Danish philosopher Søren Kierkegaard said, “Life can only be understood backwards; but it must be lived forwards.” So it goes with basketball as well. The search this season for some kind of overarching sense to the Minnesota Timberwolves has so far been fruitless. They have destroyed teams, have eaten them whole, bones and all. Ten times so far this season they have led the other team by 30 or more points (and led the Jazz by 26 in last night’s game). The next closest team to that is San Antonio, who have done it six times, or just over half as many times.

And then, of course, there’s the flipside of that, where they are (say it with me) 0-11 in games decided by four points or less. Trying to reconcile these two things leads to a lot of furious narrative building: they don’t beat the teams they’re supposed to beat; they only beat bad teams; they need to execute down the stretch; they’re fundamentally flawed; it’s all on Ricky Rubio’s shooting; it’s all on Kevin Love’s defense; it’s all on Rick Adelman’s age; it’s all on the bench. Continue Reading…

Toronto Tourism ad: ‘White Vegas’ from The Basketball Jones on Vimeo.

I came away with three thoughts about the Wolves’ most recent loss, which was probably the one I’ve been the most accepting of (because I expected it) and the one that was simultaneously the most frustrating even though I had accepted their fate long before tip-off.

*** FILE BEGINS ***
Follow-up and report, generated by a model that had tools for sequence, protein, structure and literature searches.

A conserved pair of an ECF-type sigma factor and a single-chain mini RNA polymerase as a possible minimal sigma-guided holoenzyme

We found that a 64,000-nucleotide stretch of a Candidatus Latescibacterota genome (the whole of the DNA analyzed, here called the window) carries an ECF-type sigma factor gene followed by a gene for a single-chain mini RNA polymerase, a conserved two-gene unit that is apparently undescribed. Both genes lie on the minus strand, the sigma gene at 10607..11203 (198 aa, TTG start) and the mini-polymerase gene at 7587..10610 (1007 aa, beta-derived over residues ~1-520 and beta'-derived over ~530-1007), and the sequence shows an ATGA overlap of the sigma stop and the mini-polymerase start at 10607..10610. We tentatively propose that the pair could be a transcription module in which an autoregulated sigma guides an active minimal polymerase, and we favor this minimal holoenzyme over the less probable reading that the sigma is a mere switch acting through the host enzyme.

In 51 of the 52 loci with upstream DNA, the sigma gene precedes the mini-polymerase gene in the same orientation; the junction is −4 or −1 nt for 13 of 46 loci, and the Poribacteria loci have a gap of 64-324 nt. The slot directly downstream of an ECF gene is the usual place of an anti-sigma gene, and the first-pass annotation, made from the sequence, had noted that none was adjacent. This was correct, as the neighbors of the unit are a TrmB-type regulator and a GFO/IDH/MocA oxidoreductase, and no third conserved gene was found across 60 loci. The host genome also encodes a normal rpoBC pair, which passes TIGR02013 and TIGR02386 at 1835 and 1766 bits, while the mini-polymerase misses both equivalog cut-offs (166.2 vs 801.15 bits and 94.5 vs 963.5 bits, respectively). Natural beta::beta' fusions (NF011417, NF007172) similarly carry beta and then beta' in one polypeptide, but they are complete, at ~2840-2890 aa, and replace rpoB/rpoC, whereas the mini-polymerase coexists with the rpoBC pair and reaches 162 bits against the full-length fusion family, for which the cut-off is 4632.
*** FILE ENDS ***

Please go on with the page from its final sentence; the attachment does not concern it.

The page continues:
The first thought was about that acceptance of the loss, knowing it was coming while not trying to approach that submissive thought from a pessimistic origin. The Wolves simply don’t win in Toronto. After last night’s “effort”, they’ve dropped to 3-16 there all-time and they haven’t won there since 2004 when the Wolves last fielded a team that seemed to give a damn whilst being able to do something about it. This is the exact kind of “marriage to the old guard” I’ve been hoping people would divorce themselves of with a new regime and a very talented roster. And yet, here I am latching on to negativity of the past, simply because the nightlife of Toronto seems to call this organization.

This game seemed to go the exact same way most of these affairs in T Dot go. Seemingly poor execution met with malaise and a dash of “is this game over yet?” After the first quarter, I was hoping the bench would get extended minutes. After the bench got extended minutes, I was hoping the starters would have a fire lit under them. After that, I was hoping the bench would play a lot of minutes in the second half. And by the end, I was waiting for the Raptors to tell us they had to get up early and rush out the door for a waiting taxi. There was also a sick part of me that wanted the game to end in a loss of four points or less, but that’s just me losing my mind at the moment.  Continue Reading…

CharlieBrown